Extension @ Your Service: Centipedegrass impacted by cold winter

By Paige Burns Extension @ Your Service

By Paige Burns
Extension @ Your Service

This spring I have received even more calls than usual from homeowners concerned about dieback in their centipedegrass.

Centipedegrass is a warm season grass that is a commonly found in Sandhills lawns. It generally performs well here and is relatively low maintenance, compared to other warm season grasses such as bermudagrass, zoysiagrass, and St. Augustine grass.

However, many warm season grasses were affected by our cold winter. According to the North Carolina State University website, TurfFiles (www.turffilies.ncsu.edu), centipedegrass and the fine-textured zoysiagrasses (such as Emerald, Zeon) were hard hit by winter’s cold, while damage has been somewhat less in the coarse-textured zoysiagrasses (e.g. Empire, El Toro) and bermudagrass.

What I explain to clients is that turf which is weak going into winter is more susceptible to winter damage than healthy turf. While centipedegrass is low maintenance, it is not “no maintenance”. Many times I find that very little liming or fertilization has been part of regular lawn maintenance for many homeowners.

While it is true that centipedegrass performs well at a lower soil pH (pH is a measure of soil acidity) than bermudagrass, our native soil pH can be as low as 4.5. Centipede performs best around a pH of 5.5 or 6.0, so some liming is needed. If soil pH is below or above the optimum range, plants are not able to take up fertilizer, even if it is applied. Another important aspect of our Sandhills soils is they are typically low in potassium, and centipedegrass has a high potassium requirement. Potassium, or potash as it is frequently called, is one of the big 3: Nitrogen, Phosphorus, and Potassium, or NPK (these correspond to the number on a fertilizer bag, and is the percent of that nutrient in the bag. For example, a bag of 5-5-15 is 5% N, 5% P, and 15% K, which is potash).

So, it is very common that centipedegrass is potassium deficient, where lime is not properly applied and no high potassium fertilizer used (such as 5-5-15). One of the more important benefits of potash is that it helps plants withstand cold temperatures.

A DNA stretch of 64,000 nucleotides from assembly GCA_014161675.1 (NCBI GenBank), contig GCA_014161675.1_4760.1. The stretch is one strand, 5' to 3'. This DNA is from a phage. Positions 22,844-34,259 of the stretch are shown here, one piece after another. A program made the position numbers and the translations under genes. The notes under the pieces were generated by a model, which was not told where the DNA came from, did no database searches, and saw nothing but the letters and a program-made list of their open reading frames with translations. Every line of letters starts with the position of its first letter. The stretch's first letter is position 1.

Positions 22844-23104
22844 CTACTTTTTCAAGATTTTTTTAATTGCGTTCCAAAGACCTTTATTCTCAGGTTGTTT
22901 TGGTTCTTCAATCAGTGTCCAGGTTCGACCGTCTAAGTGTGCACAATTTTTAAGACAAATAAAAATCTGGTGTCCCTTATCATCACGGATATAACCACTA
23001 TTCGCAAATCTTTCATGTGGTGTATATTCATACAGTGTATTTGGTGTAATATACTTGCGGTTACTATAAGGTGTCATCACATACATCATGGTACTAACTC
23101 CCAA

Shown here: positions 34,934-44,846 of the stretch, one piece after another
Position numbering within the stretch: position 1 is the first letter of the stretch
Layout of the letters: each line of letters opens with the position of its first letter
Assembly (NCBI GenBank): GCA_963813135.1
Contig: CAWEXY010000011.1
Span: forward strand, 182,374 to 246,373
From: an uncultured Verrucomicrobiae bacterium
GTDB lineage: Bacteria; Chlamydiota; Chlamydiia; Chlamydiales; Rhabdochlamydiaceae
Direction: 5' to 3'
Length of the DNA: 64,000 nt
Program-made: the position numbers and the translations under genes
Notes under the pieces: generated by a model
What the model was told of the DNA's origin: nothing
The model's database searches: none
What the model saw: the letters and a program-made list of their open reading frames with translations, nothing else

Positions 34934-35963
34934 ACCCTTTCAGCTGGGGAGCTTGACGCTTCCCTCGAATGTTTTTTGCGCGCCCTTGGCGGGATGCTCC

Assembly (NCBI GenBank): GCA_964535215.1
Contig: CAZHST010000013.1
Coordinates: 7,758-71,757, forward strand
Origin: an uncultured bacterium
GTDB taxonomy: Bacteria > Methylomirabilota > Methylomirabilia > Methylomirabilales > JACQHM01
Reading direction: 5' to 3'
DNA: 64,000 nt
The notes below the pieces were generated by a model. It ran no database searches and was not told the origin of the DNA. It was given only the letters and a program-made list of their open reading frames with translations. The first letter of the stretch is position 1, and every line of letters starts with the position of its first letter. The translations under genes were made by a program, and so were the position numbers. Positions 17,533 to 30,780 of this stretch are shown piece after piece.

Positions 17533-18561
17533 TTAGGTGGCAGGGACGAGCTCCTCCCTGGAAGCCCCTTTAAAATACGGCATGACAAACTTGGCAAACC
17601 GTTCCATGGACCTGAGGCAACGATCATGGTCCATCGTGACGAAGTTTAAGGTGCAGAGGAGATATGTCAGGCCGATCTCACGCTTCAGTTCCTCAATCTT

Other contributing factor that may lead to winter kill is the timing of fertilizer application. Centipedegrass should be fertilized using a nitrogen fertilizer just once per year, in the first week or two of June. Excess nitrogen fertilizer, using more than half a pound of nitrogen per thousand square feet, during the year and especially after July, can lead to excess growth which is susceptible to cold temperatures. Generally herbicide applications do not cause increased winter damage. However, another frequent homeowner practice is the use of a so-called “weed and feed”. This material is a two in one product, a pre-emergent herbicide combined with fertilizer. We’re all short on time, so it is tempting to use these products for efficiency.

However, they are not recommended for centipedegrass, although you will often see the phrase “safe for centipedegrass” on the label. The problem stems from the fact that a pre-emergent should be used in the late winter/early spring, before warm season weeds begin to germinate. This is absolutely the wrong time to fertilize centipedegrass, and therefore this product is more of a detriment than a help to achieve a good lawn.

Finally, in addition to cultural practices which create weak turf susceptible to winter kill, microclimates can influence winter damage as well. Low areas that hold cold air, which flows like water downhill, shade, and compaction can all contribute to susceptibility.

There’s no quick fix for winter kill, or just having weak turfgrass. The answer is almost always the same: first, soil test (a free service by North Carolina Department of Agriculture), then follow the recommendations that are provided in your report, and finally adhere to the seasonal recommendations found in the Centipede Maintenance Calendar, available at the Cooperative Extension office or on line at www.turffiles.ncsu.edu. For those with a smart phone, there is a very good NC State Lawn Care app for free download. This app provides alerts of pest and disease problems, lawn maintenance guidelines, and more. If you are disappointed in your lawn’s performance, the Cooperative Extension office has information to help get you on the right track.

Paige Burns is horticulture agent for the North Carolina Cooperative Extension-Richmond County Office, 123 Caroline St., Rockingham. She can be reached at paige_burns@ncsu.edu.

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